Bail conditions and Critical Mass on 10th August

Tagged as: olympics social_struggles

A cyclist was killed yesterday 1st of August as he negotiated the roads next to the Olymics complex, by a bus hired by LOGOC to shuttle Olympics press around. 

There has been a call for a vigil and a mass ride to get to the site of the crash starting on 10th August at 6.30 under Waterloo Bridge.

Those who were arrested and bailed in the last Critical Mass may want to continue reading or seek independent advice.

Should you ignore police bail conditions? (pre-charge)
Many people arrested on the student protests have had conditions imposed by the police when given bail, usually “not to attend protests” or to “stay out of Westminster”. There are legal methods of challenging these conditions on the grounds that they breach the European Convention on Human Rights in particular Article 10 “Freedom of Expression” and Article 11 “Freedom of Assembly”. However, these can be expensive and time consuming. So we say- just ignore them. Here’s why.

Why the cops put everybody on bail.
In the good old days if the police nicked you they would charge you with the most serious offence they could think of and either take you to court in the morning or let you out with a court date a few days or at most a couple of weeks later. The Crown Prosecution Service (CPS) got fed up of this as they were always having to reduce the charges to something more realistic. So now, the cops aren’t allowed to charge anything except really minor stuff e.g. drunk and disorderly. Instead, they prepare a file of evidence that is sent to the CPS who then decide what the appropriate charge is. Aside from laziness, incompetence and inefficiency both cops and CPS have positive reasons to slow the process down. The cops like keeping people on bail because it’s a punishment in itself, especially if there are conditions attached, while the  CPS get paid however long it takes. This leads to people being on bail for months and even years with disruption to their lives and ongoing psychological pressures. We need to resist this individually and collectively. 

Breaching Bail Conditions is not a criminal offence!
What many people don’t know is that breaking bail conditions is not the same as failing to surrender to bail (turning up on the date given on your bail sheet whether to a court or to return to a police station). Failure to surrender is a crime (Section 6 Bail Act 1976). Although it should be said, the courts take failure to surrender to the cops far less seriously than skipping court and CPS guidelines state that failure to answer police bail should not be prosecuted at all where the substantive case is dropped.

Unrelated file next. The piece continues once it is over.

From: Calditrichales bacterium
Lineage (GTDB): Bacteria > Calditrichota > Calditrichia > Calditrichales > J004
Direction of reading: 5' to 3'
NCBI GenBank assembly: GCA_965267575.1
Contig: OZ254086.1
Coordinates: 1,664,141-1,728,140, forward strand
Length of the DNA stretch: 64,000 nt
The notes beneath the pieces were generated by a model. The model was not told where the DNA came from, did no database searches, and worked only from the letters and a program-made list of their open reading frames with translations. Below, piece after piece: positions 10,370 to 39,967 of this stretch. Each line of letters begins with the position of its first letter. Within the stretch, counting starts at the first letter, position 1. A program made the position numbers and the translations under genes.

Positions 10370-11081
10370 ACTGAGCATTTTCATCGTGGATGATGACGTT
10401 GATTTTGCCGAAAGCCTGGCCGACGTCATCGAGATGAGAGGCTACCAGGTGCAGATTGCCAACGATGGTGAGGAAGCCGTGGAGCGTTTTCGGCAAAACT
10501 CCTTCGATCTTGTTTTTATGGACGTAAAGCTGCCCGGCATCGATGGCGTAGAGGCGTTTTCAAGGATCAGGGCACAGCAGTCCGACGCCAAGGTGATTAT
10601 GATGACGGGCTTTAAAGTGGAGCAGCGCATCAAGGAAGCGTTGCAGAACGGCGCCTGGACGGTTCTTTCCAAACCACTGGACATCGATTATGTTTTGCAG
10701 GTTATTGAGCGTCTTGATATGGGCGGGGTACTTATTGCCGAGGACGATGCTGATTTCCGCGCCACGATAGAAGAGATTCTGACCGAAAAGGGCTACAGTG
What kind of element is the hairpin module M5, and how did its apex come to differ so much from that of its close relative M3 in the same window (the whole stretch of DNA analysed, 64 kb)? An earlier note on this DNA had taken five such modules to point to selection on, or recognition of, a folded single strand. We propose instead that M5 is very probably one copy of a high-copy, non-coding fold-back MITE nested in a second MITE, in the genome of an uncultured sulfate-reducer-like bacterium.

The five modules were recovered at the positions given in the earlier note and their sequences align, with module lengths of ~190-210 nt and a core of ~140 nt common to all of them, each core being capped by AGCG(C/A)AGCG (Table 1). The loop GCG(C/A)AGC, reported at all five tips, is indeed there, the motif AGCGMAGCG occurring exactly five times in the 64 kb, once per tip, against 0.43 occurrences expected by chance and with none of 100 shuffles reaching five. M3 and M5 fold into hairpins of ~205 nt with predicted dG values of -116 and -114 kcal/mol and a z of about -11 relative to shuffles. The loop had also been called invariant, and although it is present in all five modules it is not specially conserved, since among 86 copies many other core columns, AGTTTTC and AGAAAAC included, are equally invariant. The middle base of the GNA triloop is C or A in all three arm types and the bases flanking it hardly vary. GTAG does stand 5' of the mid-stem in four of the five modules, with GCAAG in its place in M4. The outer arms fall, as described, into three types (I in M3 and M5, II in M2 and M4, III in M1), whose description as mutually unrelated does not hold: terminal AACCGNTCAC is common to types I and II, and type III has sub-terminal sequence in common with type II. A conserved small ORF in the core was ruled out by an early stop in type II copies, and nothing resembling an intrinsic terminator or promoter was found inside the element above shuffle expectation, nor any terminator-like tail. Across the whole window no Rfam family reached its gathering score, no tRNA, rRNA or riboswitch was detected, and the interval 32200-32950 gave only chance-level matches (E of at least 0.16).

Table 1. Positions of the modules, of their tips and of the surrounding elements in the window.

Breaking conditions imposed when you are give bail is not a crime. If you break bail conditions you can be arrested (Police and Criminal Evidence Act 1984 section 46A (1A)).  BUT and here’s the good bit, they can only release you on bail again with the same conditions or charge you, and then either bail you or take you to Court the next day. Now some people may be afraid that the Court will remand them. BUT the Courts can only remand people who’ve been charged with an offence. And that is what the cops don’t want to do because if you’re charged you have to be told what you’re suspected of doing and what the evidence is against you. This will help your defence by enabling you to gather information and witnesses to the incident and demand disclosure of the police’s own misconduct. We suspect that the cops are not planning to arrest anyone for breaching bail just hoping to put people off demonstrating. In any case it’s almost unheard of for people to be remanded just for breaking police bail conditions. 

Time to fight back.
Being on bail also results in people feeling they cannot comment or campaign about the case. Defence lawyers are by training cautious about their clients saying anything that could harm their defence, and given the daft things some folk say you can see why. However a robust defence campaign that firmly puts the blame on the police (as with the Trafalgar Square Defence Campaign for the Poll Tax demonstration in 1990) is a vital part of everyone’s individual cases and defying police attempts to prevent future demonstrations by bail conditions is an important step towards this. Moreover, keeping up the pressure with more demonstrations and broadening them to link with other struggles will increase the political and logistical pressure against this police victimisation of protesters.